‘My childhood bedroom acts as an interactive time capsule’

My mother has lovingly preserved my Belfast room for 12 years while I've lived in Dublin, London and Sydney


Last week we asked Irish Times Abroad readers to send us stories about their childhood bedrooms, and how they felt about returning to sleep in them over Christmas. Jonathan Drennan, who couldn't make it back to Belfast from Sydney this year, sent us this piece.

Jonathan Drennan in Sydney: ‘The walls would tell you a lot about my teenage anxiety’

I call my bedroom in Belfast “the museum”. My mother is a diligent and skilled curator, and has lovingly preserved it for the last 12 years. Once I walk into the room, I am back to 2004. I am short in size and confidence, and have no clue what will happen to me on leaving my home. I may have put on some weight and inches in height since then, but the bedroom acts as an interactive time capsule to my last year in Belfast as a child.

Everywhere you look, there are symbols of my teenage life. There is a perfectly-preserved homework timetable pinned to my noticeboard and an invitation to my school debs that proudly boasts of a dry bar, canapes and dancing. I think of things that I thought mattered in those days: What table would I sit at? Who would I ask? Would any girl want to go with me? The overblown fears of a naturally neurotic teenager were played out in this bedroom nightly.

My shelves stubbornly remain those of a child. A full set of small plastic Tintin figurines that were faithfully collected on family holidays to France stand at attention, bleached almost white by rare instances of Northern Irish summer sun through the window.

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Crippled with nerves

If my bedroom walls could talk, you wouldn’t stay long for the conversation. No girl illicitly crossed the threshold, it was far too creaky and would have alerted my mother. Besides, I went to an all-boys school and was crippled with nerves.

Also, as far as I am aware, the 1990s football and Simpsons stickers attached lovingly to my single bed would not have set the mood. Instead, the walls would tell you a lot about my teenage anxiety, coiled on my desk late into the night struggling to understand maths homework yet again, and fearful of the teacher's wrath the next day at school.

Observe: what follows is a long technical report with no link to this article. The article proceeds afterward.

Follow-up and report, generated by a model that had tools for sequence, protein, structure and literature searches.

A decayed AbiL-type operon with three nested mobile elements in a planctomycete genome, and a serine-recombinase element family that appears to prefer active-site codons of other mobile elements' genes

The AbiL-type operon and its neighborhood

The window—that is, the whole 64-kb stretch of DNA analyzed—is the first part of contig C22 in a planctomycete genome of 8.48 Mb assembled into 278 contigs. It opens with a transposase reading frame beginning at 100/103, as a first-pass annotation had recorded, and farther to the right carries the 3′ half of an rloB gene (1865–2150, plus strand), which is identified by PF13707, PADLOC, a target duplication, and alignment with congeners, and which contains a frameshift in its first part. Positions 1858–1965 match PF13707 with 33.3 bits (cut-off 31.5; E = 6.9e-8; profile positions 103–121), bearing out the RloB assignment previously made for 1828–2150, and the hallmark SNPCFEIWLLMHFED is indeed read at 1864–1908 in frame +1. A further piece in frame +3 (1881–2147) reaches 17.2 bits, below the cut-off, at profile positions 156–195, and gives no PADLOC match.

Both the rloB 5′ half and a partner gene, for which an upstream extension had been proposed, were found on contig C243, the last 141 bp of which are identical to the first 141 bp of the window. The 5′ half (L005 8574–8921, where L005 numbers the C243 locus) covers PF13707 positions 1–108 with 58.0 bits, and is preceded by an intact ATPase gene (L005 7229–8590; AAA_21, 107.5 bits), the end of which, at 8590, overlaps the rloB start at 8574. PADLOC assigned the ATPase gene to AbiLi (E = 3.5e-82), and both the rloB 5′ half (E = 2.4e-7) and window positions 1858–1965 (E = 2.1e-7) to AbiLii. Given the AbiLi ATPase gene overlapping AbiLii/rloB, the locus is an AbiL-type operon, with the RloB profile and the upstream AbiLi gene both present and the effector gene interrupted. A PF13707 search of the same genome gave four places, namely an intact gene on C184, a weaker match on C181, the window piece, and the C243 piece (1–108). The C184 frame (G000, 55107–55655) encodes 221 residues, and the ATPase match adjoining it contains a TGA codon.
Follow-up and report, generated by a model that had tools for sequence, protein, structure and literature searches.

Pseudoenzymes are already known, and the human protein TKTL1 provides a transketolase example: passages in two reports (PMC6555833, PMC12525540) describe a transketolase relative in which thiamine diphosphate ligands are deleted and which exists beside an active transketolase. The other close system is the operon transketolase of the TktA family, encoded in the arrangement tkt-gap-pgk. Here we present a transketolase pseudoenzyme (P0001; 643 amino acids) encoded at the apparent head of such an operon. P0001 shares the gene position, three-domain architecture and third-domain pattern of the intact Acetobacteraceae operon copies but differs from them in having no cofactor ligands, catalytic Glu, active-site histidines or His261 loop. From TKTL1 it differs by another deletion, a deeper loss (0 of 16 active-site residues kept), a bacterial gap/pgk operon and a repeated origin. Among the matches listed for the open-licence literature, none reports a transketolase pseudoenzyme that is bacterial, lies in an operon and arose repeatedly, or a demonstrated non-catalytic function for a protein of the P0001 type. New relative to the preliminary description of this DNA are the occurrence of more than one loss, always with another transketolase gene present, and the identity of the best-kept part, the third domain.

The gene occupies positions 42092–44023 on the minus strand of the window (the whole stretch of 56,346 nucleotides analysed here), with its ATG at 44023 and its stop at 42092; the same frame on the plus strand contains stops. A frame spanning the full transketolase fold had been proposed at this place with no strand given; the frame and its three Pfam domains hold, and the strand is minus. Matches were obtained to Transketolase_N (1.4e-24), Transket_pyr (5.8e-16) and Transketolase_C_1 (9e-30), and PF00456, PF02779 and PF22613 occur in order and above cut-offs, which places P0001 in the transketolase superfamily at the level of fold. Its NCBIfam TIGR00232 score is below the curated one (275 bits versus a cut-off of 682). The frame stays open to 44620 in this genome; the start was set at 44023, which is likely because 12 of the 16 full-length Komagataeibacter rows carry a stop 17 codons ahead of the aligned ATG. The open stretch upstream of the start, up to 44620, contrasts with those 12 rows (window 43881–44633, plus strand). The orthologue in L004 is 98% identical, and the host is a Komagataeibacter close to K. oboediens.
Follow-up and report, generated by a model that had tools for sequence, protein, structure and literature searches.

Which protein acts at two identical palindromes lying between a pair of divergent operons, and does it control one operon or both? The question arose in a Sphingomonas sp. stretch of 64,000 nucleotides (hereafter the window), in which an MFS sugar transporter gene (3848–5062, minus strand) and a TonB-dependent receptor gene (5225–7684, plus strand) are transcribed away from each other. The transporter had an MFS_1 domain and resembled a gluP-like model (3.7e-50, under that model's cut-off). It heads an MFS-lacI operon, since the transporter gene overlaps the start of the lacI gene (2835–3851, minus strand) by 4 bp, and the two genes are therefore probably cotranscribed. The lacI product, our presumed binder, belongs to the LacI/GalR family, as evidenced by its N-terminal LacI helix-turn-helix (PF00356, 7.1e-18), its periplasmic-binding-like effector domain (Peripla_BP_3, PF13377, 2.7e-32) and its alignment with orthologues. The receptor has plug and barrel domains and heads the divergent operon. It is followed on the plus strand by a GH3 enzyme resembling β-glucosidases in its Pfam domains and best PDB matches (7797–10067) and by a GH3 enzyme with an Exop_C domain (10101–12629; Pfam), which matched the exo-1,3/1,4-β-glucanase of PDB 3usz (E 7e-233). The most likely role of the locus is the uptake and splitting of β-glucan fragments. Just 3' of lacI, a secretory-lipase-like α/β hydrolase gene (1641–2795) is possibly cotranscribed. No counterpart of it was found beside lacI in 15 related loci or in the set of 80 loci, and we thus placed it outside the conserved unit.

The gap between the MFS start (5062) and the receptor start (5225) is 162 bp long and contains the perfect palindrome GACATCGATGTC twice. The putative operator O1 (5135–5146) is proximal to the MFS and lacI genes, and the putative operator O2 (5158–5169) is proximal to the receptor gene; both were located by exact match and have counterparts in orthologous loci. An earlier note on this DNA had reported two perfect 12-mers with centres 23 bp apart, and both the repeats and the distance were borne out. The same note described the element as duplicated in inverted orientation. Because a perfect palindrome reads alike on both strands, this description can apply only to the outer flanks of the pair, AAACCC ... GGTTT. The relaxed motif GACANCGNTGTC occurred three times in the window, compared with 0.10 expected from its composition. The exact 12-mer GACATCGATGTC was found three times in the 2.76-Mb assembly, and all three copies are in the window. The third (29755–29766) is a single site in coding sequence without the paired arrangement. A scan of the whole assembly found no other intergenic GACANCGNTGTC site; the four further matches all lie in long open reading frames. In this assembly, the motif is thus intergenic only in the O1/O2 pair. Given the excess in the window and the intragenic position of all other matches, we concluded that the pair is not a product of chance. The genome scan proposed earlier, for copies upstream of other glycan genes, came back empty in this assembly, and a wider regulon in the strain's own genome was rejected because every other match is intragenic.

Still, I love this bedroom dearly. It reminds me of many happy times, living in a neighbourhood that I feel so privileged to have grown up in. My window has the perfect view of my next-door neighbour’s large garden and I see a crumbling treehouse where we spent so many long summer nights, planning our lives.

I look down at the hedge that separates our houses. When I was younger my best friend who lived next door and I fashioned a hole that acted as an easy passage. We also had an unreliable cup phone between our bedrooms. My best friend died tragically young a few years ago while I was living far from home and the gap has grown over, but my memories refuse to quell looking out my window.

Crammed bookshelf

Above my bed, there is a crammed bookshelf that can tell you something about my life. I hated reading as a child, despite my mother's best efforts with Patricia Lynch's epic, The Turf-Cutter's Donkey. That particular book still sits there unopened, beside well-creased and predictable sporting biographies that slowly made me widen my literary options. I started to love Orwell, Wilde and Yeats, and I spent so many nights alone reading upstairs, unaware that this gradual love of literature would lead me to university in Dublin.

My bedroom isn’t very big, but I always felt very lucky to have my own space, when so many of my school friends had to share with squabbling siblings. I left this room as a teenager, returning sporadically over the years to sleep as I moved from Dublin, to London and now finally to Sydney. Life moves on, and in many cases it gets more complicated. My childhood bedroom is a place I am always so grateful to return to, it reminds me of difficult and also treasured times that helped shape the person I have become today.